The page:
what happens to the wave function of the universe as systems Spike

From: Damien Broderick (d.broderick@english.unimelb.edu.au)
Date: Thu Aug 01 2002 - 22:11:25 MDT

The Fermi Paradox as an exponentiating trap:

Posit that at the Singularity humankind and/or our AIs will transcend to a
posthuman state, and perhaps these superintelligences will find some way to
tunnel entirely out of our spacetime into one that's more convenient,
commodious and safer (an idea used in my latest novel, TRANSCENSION, and
independently in John Smart's analysis and other places earlier).

Now: if that's what happens to most civilizations throughout Many Worlds
variants of the cosmos--if they somehow remove themselves entirely, via the
equivalent of a black hole--might it be that the remnant superpositions
become increasingly reduced to a kind of shadow of the former potential
evolutions of the universal Schrödinger state equation?

Furthermore, if there can be some kind of ghostly but real interference
*across* superpositions (as David Deutsch posits to explain double slit
experiments, and JohnJoe McFadden claims helps explain aspects of
biological evolution [
http://www.geneticengineering.org/evolution/mcfadden.html ] , a notion
similar to Egan's in TERANESIA), might the original multiverse tend to grow
more restricted with the passage of time? It's as if every time beautiful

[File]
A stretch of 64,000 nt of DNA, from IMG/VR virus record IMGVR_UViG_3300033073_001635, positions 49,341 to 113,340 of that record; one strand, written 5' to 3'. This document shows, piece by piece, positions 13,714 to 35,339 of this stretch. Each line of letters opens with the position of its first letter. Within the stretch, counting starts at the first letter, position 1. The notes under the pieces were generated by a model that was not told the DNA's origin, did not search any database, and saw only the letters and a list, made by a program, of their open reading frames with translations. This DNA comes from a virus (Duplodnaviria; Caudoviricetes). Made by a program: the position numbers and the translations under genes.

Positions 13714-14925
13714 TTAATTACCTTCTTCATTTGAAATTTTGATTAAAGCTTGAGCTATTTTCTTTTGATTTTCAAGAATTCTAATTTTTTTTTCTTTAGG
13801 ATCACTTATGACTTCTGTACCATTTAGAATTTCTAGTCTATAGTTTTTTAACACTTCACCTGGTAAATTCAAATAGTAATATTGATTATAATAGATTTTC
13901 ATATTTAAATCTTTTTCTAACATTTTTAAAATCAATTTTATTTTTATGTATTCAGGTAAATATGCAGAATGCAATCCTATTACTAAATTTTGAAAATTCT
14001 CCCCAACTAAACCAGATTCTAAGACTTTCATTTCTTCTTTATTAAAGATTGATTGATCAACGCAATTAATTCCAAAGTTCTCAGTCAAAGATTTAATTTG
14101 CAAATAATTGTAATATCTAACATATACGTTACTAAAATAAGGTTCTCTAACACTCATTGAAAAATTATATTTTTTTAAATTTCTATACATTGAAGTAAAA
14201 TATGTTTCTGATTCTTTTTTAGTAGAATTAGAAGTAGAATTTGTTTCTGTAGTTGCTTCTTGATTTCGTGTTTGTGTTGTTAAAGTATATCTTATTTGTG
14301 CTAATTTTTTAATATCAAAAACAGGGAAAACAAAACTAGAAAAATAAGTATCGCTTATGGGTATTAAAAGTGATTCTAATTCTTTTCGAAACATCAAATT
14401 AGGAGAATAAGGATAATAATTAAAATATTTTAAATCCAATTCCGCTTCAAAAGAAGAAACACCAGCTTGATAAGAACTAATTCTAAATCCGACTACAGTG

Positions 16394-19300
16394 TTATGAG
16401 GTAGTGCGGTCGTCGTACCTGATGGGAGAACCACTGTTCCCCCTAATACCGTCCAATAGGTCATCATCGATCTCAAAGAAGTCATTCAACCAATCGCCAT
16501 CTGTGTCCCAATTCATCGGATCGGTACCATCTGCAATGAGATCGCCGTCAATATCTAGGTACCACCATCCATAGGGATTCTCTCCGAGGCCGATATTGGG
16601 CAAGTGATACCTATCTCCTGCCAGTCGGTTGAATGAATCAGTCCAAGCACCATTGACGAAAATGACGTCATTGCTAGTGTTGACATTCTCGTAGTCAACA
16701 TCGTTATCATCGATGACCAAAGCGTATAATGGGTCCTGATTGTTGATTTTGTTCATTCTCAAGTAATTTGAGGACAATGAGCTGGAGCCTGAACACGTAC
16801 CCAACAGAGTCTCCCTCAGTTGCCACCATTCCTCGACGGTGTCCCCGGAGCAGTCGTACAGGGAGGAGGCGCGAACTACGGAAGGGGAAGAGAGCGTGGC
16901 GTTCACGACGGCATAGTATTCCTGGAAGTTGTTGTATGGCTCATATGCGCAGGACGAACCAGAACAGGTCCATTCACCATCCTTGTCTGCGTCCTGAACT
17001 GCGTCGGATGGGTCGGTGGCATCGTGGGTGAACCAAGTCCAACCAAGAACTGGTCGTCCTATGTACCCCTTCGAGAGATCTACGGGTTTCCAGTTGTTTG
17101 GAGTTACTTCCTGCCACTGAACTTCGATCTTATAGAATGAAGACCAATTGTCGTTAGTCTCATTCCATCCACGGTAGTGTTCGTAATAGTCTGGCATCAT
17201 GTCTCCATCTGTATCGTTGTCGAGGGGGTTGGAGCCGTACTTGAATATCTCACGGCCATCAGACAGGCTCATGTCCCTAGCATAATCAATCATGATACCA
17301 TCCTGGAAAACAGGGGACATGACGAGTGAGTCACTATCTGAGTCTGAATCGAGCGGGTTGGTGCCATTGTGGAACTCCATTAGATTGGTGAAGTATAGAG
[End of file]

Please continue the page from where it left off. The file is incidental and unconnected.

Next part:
or brilliant children are born in a slum, they move at the age of 17 to
Hollywood or Harvard, and so their neighborhood allele pool for those
phenotypes is incrementally degraded. That might mean that the probability
of a Singularity happening in *your* universe grows ever smaller over time.

The Fermi Paradox implies that the sky *should* be filled with Spiked
cultures and their cosmic engineering (assuming such engineering is
conspicuous enough to be noticed, not cloaked, etc). There would seem to
have been time for many millions or billions of species to have gone
Singular and vanished, taking their potential quantal reinforcement with them.

At the moment, I'm treating this as a fictional narrative device in a
novel, although I suppose some sophisticated version might even be true.

Any quantum mechanics on the list who might comment?

Damien Broderick

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